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Extending the Realm of Optimization for Complex Systems: Uncertainty, Competition and Dynamics

Co-PIs Uday V. Shanbhag, Tamer Basar, Prashant G. Mehta (UIUC), and Sean Meyn (UF)

$1,000,000 (approx.)

Department of Energy Program Solicitation: DE-PS02-08ER08- 13, LAB 08-13 Category: Optimization

January 2009 – December 2013

Project Summary This project concerns the development of theory and algorithms to contend with planning and operational decisions within the next generation of engineering-economic systems. Such systems are expected to be massive in scale and encompass a variety of cooperative and competitive paradigms. As a result, conventional approaches that rely on linear or even convex static optimization hold little hope. Accordingly, our goal is to establish the foundations of a new framework that allows for possibly competitive decision-making in the presence of both dynamics and uncertainty, with the latter also including unmodeled adversarial behavior.

This work finds application on the simulation of a large-scale electricity network that captures the competitive, dynamic, stochastic, and worst-case aspects that are inherent to the workings of a real electricity market.

Our efforts have been organized as follows:

Planning under uncertainty: A majority of the multiperiod approaches in this context have been restricted to linear or possibly convex settings with little ability to address nonlinear nonconvex settings or more general bilevel (or multilevel) structures. We propose to develop globally convergent multiperiod approaches that rely on sequential quadratic programming and primal-dual frameworks which would lead to local minimizers (and not only local stationary points). It is widely recognized that obtaining exact solutions is generally impossible, and thus a focus of this work is in developing sampling-based bounds that result in rigorous confidence statements.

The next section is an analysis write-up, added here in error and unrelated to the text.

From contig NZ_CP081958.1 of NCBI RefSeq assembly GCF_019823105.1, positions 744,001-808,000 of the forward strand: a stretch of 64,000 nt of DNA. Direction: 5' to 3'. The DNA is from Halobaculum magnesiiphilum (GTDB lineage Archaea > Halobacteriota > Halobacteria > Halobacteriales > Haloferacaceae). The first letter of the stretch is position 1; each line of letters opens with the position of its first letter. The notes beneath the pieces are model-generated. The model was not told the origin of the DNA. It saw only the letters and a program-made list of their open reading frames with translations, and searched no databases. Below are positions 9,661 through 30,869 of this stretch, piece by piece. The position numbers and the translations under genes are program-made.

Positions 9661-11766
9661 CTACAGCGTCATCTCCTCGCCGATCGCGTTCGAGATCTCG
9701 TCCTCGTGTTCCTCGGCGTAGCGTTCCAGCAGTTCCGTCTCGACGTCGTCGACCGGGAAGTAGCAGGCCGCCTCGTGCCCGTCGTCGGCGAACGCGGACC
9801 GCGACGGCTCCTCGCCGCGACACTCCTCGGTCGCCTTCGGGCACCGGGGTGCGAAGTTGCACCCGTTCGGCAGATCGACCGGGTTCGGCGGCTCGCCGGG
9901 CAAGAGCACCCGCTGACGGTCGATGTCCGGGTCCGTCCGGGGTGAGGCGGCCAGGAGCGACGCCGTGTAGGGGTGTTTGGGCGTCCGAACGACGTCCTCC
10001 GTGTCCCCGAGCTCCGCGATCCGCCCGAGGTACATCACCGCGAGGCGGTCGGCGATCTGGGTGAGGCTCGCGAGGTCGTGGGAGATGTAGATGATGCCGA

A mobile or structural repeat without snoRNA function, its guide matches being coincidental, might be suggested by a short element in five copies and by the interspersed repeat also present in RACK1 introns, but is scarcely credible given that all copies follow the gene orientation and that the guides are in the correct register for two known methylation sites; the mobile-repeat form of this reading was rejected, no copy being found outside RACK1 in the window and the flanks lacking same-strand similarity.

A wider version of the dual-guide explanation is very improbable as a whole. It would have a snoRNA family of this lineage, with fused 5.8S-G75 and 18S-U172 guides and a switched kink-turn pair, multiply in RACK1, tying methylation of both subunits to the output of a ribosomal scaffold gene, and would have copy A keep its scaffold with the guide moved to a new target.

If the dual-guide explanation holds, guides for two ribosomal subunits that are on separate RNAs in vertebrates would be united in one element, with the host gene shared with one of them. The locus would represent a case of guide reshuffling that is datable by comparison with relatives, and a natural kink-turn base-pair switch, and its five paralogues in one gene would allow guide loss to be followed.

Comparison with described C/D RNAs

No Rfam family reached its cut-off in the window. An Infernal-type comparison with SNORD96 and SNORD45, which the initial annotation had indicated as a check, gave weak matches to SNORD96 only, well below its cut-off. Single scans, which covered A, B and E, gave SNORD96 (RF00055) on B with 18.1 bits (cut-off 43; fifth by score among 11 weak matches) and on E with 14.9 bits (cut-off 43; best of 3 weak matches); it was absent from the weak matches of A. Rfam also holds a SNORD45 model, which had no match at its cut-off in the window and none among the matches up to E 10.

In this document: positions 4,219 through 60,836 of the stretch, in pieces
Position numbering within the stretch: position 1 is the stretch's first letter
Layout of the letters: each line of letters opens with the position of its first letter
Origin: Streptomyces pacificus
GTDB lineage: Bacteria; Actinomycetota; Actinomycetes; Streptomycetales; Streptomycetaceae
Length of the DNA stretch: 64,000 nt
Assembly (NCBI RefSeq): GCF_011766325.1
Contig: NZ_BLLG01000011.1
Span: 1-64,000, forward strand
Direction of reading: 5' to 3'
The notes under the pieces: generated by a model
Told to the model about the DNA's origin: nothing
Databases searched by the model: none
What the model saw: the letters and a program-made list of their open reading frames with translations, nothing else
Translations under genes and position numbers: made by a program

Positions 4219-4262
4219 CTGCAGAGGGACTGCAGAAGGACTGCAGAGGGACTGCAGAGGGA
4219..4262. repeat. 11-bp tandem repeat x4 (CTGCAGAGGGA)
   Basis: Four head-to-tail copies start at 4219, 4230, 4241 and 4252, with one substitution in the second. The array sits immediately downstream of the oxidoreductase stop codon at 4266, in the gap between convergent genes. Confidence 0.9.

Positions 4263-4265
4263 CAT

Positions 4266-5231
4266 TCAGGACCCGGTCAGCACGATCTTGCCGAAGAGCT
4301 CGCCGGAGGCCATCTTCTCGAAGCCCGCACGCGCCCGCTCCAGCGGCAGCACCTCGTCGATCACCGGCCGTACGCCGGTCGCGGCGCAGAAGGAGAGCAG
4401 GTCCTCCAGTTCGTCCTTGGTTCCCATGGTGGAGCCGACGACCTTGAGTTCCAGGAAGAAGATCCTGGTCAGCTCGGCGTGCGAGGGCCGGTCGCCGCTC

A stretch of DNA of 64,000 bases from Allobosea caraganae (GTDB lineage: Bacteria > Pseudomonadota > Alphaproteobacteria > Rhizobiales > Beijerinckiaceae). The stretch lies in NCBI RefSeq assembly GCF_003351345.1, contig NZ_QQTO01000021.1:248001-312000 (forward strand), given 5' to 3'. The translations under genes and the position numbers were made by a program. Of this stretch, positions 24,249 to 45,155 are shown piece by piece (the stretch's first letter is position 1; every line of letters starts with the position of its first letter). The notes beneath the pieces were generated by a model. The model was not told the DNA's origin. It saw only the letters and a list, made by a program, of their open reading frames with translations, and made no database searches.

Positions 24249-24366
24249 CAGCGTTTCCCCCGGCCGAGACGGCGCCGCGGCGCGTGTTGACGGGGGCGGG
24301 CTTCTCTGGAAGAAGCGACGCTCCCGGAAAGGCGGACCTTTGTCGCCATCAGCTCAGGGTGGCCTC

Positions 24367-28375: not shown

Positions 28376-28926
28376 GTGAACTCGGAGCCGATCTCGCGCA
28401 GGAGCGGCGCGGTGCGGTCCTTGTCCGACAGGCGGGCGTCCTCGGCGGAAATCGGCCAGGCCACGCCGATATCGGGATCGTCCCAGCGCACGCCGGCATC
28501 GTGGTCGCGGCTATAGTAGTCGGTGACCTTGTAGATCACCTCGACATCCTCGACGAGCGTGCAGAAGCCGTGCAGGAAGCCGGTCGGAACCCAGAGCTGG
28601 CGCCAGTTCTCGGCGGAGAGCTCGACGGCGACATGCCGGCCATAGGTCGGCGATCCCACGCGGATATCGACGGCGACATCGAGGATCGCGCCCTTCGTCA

Decision-making in non-cooperative settings: We contend that in a majority of settings, the problem of interest is often an equilibrium problem (arising from a game) as opposed to a single-person optimization problem. Such a problem can take on a wealth of forms based on the specific information structures. A key question we address is the existence and uniqueness of equilibria in settings where coupled markets may sequentially clear (such as in forward and day-ahead markets in power networks). Algorithmic questions are addressed using efforts from (1) to develop convergent scalable schemes for solving equilibrium problems with both dynamics and uncertainty, with the latter admitting stochastic as well as adversarial (worst-case) modeling.

Optimal operations in complex systems: Operation-level problems have far different characteristics leading to massive dynamic programming problems. Through a variety of projection methods that are rooted in multiscale ideas, we aim at developing rigorous approaches with the final goal of obtaining approximately optimal policies and providing fundamental performance bounds. We also study how such ideas can be extended to the competitive realm. 



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